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More Web Basics—Searching, Saving, and More

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More Web Basics—Searching, Saving, and More

In This Chapter

  • Running multiple Web sessions

  • Opening files from your hard disk

  • All about the cache and reloading

  • Searching documents and using the pop-up menu

  • Copying things you find to the Clipboard

  • Saving images, documents, and files

You've seen the basic moves; now you are ready to learn more techniques to help you find your way around the Web. In the last chapter, you learned how to move around on the Web using a Web browser such as Netscape Navigator or Internet Explorer. In this chapter, you'll find out how to run multiple Web sessions at the same time, how to deal with the cache, how to save what you find, and so on. You need to know these advanced moves to work efficiently on the Web.

Multiple Windows: Ambidextrous Browsing

These days, most browsers enable you to run more than one Web session at the same time. Why would you want to do that? There could be many reasons. While you wait for an image to load in one window, you can read something in another window. Or maybe you need to find information at another Web site but don't want to lose your place at the current one. (Yes, you have bookmarks and the history list, but sometimes it's just easier to open another window.) You can open one or more new browser windows, as shown in Figure 3.1, so that you can run multiple Web sessions. In this example, you can see two Internet Explorer windows. To make the one at the back take up the entire screen, press F11 to use the Fullscreen feature (earlier versions had a Fullscreen button), and then right-click the bar and select the Autohide feature (see Chapter 2, "Working on the World Wide Web").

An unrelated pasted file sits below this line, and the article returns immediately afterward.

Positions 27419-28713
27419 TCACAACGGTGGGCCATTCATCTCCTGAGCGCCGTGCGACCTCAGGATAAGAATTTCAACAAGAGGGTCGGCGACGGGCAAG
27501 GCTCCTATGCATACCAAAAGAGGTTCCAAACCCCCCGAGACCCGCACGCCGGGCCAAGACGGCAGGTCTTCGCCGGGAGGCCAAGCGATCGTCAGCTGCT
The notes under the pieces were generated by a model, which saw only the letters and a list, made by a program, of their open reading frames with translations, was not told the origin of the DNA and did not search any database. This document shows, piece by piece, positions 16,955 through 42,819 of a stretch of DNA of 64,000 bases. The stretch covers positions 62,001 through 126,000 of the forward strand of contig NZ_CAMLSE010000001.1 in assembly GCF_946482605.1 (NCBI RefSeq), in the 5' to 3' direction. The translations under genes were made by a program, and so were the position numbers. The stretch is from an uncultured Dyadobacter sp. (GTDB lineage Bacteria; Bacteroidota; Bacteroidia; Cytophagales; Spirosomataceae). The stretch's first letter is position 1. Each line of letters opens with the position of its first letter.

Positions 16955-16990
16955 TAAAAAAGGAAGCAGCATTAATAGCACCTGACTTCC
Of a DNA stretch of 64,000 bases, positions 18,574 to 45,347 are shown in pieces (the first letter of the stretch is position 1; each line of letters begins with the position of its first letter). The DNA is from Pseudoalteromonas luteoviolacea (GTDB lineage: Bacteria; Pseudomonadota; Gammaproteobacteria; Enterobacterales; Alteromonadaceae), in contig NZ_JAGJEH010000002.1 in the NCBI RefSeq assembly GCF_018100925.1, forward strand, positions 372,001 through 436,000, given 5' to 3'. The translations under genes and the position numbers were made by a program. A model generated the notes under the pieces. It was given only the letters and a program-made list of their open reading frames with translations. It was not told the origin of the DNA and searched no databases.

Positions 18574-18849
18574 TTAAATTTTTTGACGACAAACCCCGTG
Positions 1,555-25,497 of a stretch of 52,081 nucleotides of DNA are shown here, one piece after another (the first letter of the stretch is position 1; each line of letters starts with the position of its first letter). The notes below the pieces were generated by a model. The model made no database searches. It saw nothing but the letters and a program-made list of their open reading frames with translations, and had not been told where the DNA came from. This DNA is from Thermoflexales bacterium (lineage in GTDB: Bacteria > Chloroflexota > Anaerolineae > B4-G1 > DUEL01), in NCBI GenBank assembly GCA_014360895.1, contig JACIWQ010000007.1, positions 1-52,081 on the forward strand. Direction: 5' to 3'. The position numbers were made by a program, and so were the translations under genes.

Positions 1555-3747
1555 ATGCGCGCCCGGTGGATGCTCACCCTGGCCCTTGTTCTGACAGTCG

Figure 3.1 Opening multiple windows is a good way to keep from getting lost or to do more than one thing at a time. In this illustration, one Internet Explorer sits over another that has been maximized using the Fullscreen command (press F11).

Exactly how you open a new window varies among browsers; however, most are similar. In Netscape Navigator, try these procedures:

  • Right-click the link that you want to follow in a new window, and then choose Open in New Window. A new Netscape window opens, and the referenced document opens in that window.

  • Choose File, New Web Browser, or File, New, Navigator Window, or press Ctrl+N to open a new window displaying the home page.

Internet Explorer gives you several options:

  • Right-click the link you want to follow, and then choose Open in New Window. A new window opens, displaying the referenced document.

  • Press Tab until the link becomes highlighted, and then press Shift+Enter.

  • Choose File, New Window (or, in some versions, File, New, Window) or press Ctrl+N to open a new window that displays the same document as the one you've just viewed.

You might encounter some problems when running multiple Web sessions. Web browsers are turning into real memory hogs, so you may find that you don't have enough memory to run multiple sessions or to run more than one additional session. In addition, your modem can do only so much work. If you have several Web windows open and each is transferring things at the same time, every transfer will be slower than if it were the only thing the modem had to do.

Automatic Multiple Sessions

Now and then, windows will open automatically. If you suddenly notice that the browser's Back button is disabled, it might be that when you clicked a link, a secondary window opened and you didn't notice. Web authors can create codes in their Web pages that force browsers to open secondary or targeted windows.

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